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Scientists Fear a Great Toxic Dustbowl Could Soon Emerge From the Great Salt Lake
On the shore of Great Salt Lake, Utah CNN — Like the rest of the West, Utah has a water problem. But megadrought and overconsumption aren’t just threats to wildlife, agriculture and industry here. A disappearing Great Salt Lake could poison the lungs of more than 2.5 million people. When lake levels hit historic lows in recent months, 800 square miles of lakebed were exposed – soil that holds centuries of natural and manmade toxins like mercury, arsenic and selenium. As that mud turns to dust and swirls to join some of the worst winter air pollution in the nation, scientists warn that the massive body of water could evaporate into a system of lifeless finger lakes within five years, on its way to becoming the Great Toxic Dustbowl. “This is an ecological disaster that will become a human health disaster,” warned Bonnie Baxter, director of the Great Salt Lake Institute at Westminster College in Salt Lake City, Utah. “We know about dust storms, we know about particulate pollution, we know about heavy metals and how they’re bad for humans,” she told CNN. “We see a crisis that is imminent.”
Atmospheric Science Ph.D. Student Chengfeng Feng Won Best Student Presentation Award at AMS Annual Meeting
Atmospheric Science Ph.D. student, Chengfeng Feng, advised by Professor Zhaoxia Pu, won a first-place Best Student Oral Presentation award at the 103rd American Meteorological Society Annual Meeting in January 2023. Feng’s presentation, “A bias correction scheme with the symmetric cloud proxy variable and its influence on assimilating all-sky GOES-16 brightness temperatures” examined an effective bias correction scheme for better assimilating all-sky NOAA geostationary satellite data into numerical weather prediction model for improved weather prediction. “I feel honored to receive this award,” Feng said. “I am very grateful to Dr. Zhaoxia Pu for supporting me in this innovative research and giving me opportunities to present my work at professional conferences.”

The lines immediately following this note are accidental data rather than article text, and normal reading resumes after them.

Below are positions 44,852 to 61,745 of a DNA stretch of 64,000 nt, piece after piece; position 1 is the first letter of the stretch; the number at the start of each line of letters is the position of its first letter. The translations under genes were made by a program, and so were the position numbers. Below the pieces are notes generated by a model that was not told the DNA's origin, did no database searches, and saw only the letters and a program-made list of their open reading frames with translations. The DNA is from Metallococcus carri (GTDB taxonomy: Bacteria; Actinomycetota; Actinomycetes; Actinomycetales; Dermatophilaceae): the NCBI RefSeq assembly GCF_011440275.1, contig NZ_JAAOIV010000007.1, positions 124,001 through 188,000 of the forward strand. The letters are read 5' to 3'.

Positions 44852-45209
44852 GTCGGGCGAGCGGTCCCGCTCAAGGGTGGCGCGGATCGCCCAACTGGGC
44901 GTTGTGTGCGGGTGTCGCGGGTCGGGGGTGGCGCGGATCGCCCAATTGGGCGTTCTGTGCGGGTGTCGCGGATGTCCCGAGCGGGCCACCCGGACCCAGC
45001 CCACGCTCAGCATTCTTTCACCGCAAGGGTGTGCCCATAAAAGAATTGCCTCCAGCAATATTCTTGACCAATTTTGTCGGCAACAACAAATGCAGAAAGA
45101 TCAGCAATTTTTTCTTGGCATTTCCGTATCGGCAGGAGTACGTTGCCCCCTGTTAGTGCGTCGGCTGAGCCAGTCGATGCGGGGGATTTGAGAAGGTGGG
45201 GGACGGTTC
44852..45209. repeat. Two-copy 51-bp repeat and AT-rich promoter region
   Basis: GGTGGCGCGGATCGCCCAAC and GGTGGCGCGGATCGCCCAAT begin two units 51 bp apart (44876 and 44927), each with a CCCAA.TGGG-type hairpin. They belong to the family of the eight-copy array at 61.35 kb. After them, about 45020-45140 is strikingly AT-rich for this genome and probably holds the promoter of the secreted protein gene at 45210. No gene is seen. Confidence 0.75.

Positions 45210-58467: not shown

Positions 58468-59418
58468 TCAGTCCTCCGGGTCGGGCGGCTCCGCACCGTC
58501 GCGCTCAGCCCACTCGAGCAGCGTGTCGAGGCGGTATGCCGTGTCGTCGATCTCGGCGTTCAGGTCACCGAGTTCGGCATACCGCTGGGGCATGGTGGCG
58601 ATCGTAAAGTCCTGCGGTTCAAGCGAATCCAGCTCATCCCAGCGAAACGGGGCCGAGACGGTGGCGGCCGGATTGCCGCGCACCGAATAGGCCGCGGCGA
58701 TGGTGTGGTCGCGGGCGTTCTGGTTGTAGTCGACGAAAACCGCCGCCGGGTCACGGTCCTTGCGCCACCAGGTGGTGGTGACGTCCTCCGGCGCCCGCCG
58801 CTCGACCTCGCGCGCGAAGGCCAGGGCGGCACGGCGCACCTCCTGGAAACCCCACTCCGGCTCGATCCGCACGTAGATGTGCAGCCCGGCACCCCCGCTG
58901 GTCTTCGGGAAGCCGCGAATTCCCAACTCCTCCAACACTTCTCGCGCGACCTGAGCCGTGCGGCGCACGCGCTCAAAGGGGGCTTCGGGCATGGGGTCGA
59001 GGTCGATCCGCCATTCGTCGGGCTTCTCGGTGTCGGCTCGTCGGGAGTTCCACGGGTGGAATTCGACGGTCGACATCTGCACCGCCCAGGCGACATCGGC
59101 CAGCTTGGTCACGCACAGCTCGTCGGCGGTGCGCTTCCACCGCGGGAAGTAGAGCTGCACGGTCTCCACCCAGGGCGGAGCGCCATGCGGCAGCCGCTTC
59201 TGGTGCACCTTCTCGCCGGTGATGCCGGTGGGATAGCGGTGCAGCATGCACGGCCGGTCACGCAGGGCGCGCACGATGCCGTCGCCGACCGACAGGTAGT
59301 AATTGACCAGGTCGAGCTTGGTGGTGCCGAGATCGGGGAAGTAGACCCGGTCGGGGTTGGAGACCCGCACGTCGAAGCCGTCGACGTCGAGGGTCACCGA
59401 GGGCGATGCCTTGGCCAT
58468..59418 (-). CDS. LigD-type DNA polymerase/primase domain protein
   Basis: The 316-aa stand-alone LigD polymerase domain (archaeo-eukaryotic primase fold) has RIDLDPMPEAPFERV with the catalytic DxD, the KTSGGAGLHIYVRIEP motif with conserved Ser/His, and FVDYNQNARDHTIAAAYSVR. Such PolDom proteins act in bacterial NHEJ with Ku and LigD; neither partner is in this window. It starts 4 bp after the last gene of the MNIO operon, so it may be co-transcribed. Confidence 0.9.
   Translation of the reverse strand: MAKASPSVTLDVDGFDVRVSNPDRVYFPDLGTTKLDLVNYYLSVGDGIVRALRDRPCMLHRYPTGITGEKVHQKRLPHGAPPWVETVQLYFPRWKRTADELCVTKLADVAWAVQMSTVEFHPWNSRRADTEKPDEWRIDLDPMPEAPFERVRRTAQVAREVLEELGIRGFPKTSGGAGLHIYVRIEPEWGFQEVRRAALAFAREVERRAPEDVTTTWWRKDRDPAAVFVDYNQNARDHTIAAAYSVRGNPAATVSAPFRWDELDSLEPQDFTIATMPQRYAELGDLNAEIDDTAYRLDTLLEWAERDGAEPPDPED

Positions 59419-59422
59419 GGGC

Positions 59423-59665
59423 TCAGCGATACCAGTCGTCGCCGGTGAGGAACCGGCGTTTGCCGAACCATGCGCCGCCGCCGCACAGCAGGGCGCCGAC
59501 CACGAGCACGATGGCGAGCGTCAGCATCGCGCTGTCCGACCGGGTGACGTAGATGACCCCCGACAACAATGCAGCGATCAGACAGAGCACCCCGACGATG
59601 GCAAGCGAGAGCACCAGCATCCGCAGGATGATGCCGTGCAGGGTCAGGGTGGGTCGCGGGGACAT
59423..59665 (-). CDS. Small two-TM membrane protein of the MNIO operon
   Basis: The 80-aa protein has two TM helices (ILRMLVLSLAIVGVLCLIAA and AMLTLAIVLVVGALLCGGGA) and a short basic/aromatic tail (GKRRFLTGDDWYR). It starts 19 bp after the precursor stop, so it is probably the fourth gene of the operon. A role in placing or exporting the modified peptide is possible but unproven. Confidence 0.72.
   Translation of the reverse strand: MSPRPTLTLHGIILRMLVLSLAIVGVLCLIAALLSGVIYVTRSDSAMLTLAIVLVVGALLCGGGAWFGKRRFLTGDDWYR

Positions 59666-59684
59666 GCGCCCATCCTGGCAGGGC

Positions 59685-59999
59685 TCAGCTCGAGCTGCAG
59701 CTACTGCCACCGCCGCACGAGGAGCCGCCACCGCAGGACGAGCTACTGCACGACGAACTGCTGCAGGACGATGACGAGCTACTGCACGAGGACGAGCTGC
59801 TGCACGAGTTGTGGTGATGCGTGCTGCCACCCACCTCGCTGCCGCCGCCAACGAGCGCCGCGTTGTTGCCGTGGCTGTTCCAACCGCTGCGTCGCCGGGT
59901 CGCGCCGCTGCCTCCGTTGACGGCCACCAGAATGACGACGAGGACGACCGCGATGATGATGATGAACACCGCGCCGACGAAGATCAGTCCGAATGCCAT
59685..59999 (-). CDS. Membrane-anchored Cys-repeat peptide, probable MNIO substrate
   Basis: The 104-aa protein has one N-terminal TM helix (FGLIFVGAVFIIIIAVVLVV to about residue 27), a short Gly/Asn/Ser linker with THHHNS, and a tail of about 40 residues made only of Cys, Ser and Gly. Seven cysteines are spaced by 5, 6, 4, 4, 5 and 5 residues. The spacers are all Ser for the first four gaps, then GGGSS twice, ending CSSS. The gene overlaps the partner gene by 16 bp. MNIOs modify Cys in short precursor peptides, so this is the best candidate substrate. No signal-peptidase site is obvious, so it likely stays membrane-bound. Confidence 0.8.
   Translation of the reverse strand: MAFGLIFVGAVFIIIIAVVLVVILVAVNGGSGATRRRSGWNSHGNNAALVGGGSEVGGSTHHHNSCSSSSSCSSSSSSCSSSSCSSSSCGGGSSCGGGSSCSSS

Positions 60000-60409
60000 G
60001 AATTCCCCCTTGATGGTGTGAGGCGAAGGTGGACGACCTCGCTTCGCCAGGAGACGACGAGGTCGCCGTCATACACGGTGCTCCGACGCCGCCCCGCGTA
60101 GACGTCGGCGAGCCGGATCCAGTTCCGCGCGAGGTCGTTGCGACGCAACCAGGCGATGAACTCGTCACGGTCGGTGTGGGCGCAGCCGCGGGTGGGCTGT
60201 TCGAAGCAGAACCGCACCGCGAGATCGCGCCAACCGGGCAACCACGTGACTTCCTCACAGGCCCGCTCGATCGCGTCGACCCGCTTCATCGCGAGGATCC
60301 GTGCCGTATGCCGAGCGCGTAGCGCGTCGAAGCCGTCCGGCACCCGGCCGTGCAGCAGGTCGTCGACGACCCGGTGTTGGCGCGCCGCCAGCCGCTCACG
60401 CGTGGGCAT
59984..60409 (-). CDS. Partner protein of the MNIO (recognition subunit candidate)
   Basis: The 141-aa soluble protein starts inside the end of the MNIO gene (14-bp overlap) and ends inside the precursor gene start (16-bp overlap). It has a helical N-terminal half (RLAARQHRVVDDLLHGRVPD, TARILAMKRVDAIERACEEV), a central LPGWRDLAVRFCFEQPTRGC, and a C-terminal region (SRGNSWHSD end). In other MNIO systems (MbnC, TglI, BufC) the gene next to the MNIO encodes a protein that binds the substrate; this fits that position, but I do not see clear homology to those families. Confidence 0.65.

U Researcher to Lead Study of Clouds in Cleanest Air on Earth
A University of Utah atmospheric scientist, Gerald “Jay” Mace, is heading back to Tasmania to study clouds in a special part of Earth’s atmosphere: the Southern Ocean, which contains some of the cleanest air on Earth. Mace is the lead scientist of the Cloud And Precipitation Experiment at Kennaook (CAPE-K) is scheduled to run from April 2024 to September 2025 in northwestern Tasmania. The experiment, supported by the U.S. Department of Energy, will fill in knowledge gaps about the seasonal cycle of clouds and precipitation over the Southern Ocean. As a result, these data are expected to have big impacts on regional and global climate modeling. Climate projections for the entire Earth are sensitive to interactions of aerosols, clouds and precipitation in the atmosphere over the Southern Ocean. Seasonal variations in Southern Ocean aerosol properties are well documented, but to improve the accuracy of climate models, scientists need more information about the properties of low clouds and precipitation in the region.
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The University of Utah has both historical and contemporary relationships with Indigenous peoples. Given that the Salt Lake Valley has always been a gathering place for Indigenous peoples, we acknowledge that this land, which is named for the Ute Tribe, is the traditional and ancestral homelands of the Shoshone, Paiute, Goshute, and Ute Tribes and is a crossroad for Indigenous peoples. The University of Utah recognizes the enduring relationships between many Indigenous peoples and their traditional homelands. We are grateful for the territory upon which we gather today; we respect Utah’s Indigenous peoples, the original stewards of this land; and we value the sovereign relationships that exist between tribal governments, state governments, and the federal government. Today, approximately 60,000 American Indian and Alaska Native peoples live in Utah. As a state institution, the University of Utah is committed to serving Native communities throughout Utah in partnership with Native Nations and our Urban Indian communities through research, education, and community outreach activities.
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2023 APPLICATION DEADLINES
Nov 1, 2022
Mar 1, 2023
Apr 1, 2023
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